No, Goldman Is Not Calling For An "Oil Bull Market": Here Is What It Really Said And Why It's Bad News For Banks

Tyler Durden's picture

There has been some confusion overnight whether Goldman, in a note released overnight, is calling for a new "bull market" in oil and commodities in general.

Goldman did not call for a bull market. This is what it did say.

While Goldman has long been one of the bigger bears on commodities in general, and oil in particular, earlier today, the firm's energy analyst Jefferie Currie released a note that offered a faint glimmer of hope for oil bulls. This is what he said:

In oil, most of the demand improvement to lower prices occurred in 2015, and non-US supply reductions have been extremely modest, while in the US supply is only down about 150,000 b/d yoy as of year-end. In metals, supply has yet to materially come off as it is simply too easy to store excess output. What this suggests is that the key theme for 2016 will be real fundamental adjustments that can rebalance markets to create the birth of a new bull market, which we still see happening in late 2016.

Ok so new "bull market"... eventually... maybe. For now, however, Currie explains why $20 oil is not the firm's base case yet: "while the surplus in oil continues to pressure oil timespreads wider and reversed the WTI-Brent spread as European surpluses are moved to the US Gulf Coast where spare storage exists, we still aren’t adopting the $20/bbl scenario as our baseline forecast since balances have not deteriorated further following our mid-December update."

So will Goldman adopt the $20/scenario once a few dozen million Iranian barrels make landfall in the US? We'll wait to find out. For now Goldman is sticking with its $40/oil forecast which in light of today's oil price action may seem a little aggressive:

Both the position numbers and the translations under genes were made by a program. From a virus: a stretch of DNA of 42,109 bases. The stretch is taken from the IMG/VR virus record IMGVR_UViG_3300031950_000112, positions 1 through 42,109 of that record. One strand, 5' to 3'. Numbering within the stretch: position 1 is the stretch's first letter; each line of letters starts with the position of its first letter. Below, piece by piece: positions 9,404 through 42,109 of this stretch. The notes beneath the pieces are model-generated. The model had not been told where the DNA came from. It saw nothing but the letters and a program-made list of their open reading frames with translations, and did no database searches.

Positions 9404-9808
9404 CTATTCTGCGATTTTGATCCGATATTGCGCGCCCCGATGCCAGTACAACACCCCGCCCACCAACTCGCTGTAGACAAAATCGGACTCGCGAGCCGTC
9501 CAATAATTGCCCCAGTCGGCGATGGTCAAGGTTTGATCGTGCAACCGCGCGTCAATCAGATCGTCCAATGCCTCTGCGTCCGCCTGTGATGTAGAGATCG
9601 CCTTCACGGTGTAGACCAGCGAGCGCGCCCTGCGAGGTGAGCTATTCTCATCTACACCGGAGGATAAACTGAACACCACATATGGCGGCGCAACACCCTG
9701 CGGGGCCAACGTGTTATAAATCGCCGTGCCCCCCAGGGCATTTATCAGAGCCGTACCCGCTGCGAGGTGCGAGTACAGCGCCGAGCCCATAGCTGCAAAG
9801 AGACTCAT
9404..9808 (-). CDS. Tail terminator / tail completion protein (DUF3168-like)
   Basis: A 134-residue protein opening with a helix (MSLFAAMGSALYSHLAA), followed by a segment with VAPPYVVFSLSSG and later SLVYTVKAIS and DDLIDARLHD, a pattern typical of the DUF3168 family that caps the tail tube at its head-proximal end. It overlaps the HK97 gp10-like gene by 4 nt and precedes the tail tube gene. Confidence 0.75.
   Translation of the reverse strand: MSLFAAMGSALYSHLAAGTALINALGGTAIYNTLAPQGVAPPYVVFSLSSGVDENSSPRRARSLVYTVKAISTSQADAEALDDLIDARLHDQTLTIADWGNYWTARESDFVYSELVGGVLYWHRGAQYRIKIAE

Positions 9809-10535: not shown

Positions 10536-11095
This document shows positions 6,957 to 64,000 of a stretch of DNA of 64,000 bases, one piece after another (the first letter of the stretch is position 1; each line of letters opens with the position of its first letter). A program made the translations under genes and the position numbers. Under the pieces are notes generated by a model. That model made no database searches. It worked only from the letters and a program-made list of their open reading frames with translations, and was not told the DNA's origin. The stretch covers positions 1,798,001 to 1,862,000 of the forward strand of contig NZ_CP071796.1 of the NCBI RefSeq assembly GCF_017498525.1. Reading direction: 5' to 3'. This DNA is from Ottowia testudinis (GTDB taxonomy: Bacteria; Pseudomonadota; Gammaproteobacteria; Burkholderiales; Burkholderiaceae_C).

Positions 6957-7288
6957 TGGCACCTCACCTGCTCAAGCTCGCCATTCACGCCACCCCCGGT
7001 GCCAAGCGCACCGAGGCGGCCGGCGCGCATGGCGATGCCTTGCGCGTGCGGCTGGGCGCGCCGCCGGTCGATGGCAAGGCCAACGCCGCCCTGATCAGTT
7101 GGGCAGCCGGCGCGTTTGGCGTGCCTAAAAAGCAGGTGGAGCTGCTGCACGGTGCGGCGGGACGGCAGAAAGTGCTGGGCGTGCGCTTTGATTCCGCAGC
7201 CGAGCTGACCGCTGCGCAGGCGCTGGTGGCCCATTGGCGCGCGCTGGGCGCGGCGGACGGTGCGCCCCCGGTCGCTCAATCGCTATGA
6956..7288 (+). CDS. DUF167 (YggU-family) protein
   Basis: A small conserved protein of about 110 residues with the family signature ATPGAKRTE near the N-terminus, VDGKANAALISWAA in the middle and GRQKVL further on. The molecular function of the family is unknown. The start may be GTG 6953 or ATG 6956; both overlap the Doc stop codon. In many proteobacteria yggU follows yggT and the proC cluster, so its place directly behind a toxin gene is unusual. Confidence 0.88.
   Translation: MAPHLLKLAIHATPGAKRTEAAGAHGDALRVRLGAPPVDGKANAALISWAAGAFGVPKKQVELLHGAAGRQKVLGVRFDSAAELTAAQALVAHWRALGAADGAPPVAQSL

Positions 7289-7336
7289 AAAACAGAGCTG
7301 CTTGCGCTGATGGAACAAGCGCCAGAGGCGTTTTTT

Barring a supply or demand/weather shock that shifts the balance by more than 340,000 b/d we don’t see the oil market hitting storage capacity constraints, which is why we are maintain our $40/bbl WTI price forecast for 1H16.

Putting this all together, Goldman's conclusion is the following:

While we clearly don’t take a strong stand on spot commodity prices from these levels, we do take a strong view on selling longer-dated commodity prices today. Furthermore, we will turn bullish once the forward curves flatten, as we expect later this year in energy, to incentivize inventories back into the market to accommodate expected deficits. In the meantime, however, the fundamental shifts in energy and metals supply that we believe need to happen will likely occur in three phases: 1) the survival phase, which we just ended with the capitulation of several large offshore producers this week, 2) the inflection phase, which we are now entering, where the least fit producers engage in significant capital restructuring, including the sale if possible or potential shuttering of assets, and 3) eventually the regeneration phase of a new industry with stranded assets ultimately shuttered or optimized. We believe the inflection phase will characterize 1H16; however, once it happens we will likely move quickly into a period where inventories draw and forward curves flatten. At what price level this occurs is still wide open to debate, and we believe the 3D’s will continue to create downside risks until commodity supply adjustments break the negative feedback loop and start the path towards balanced markets.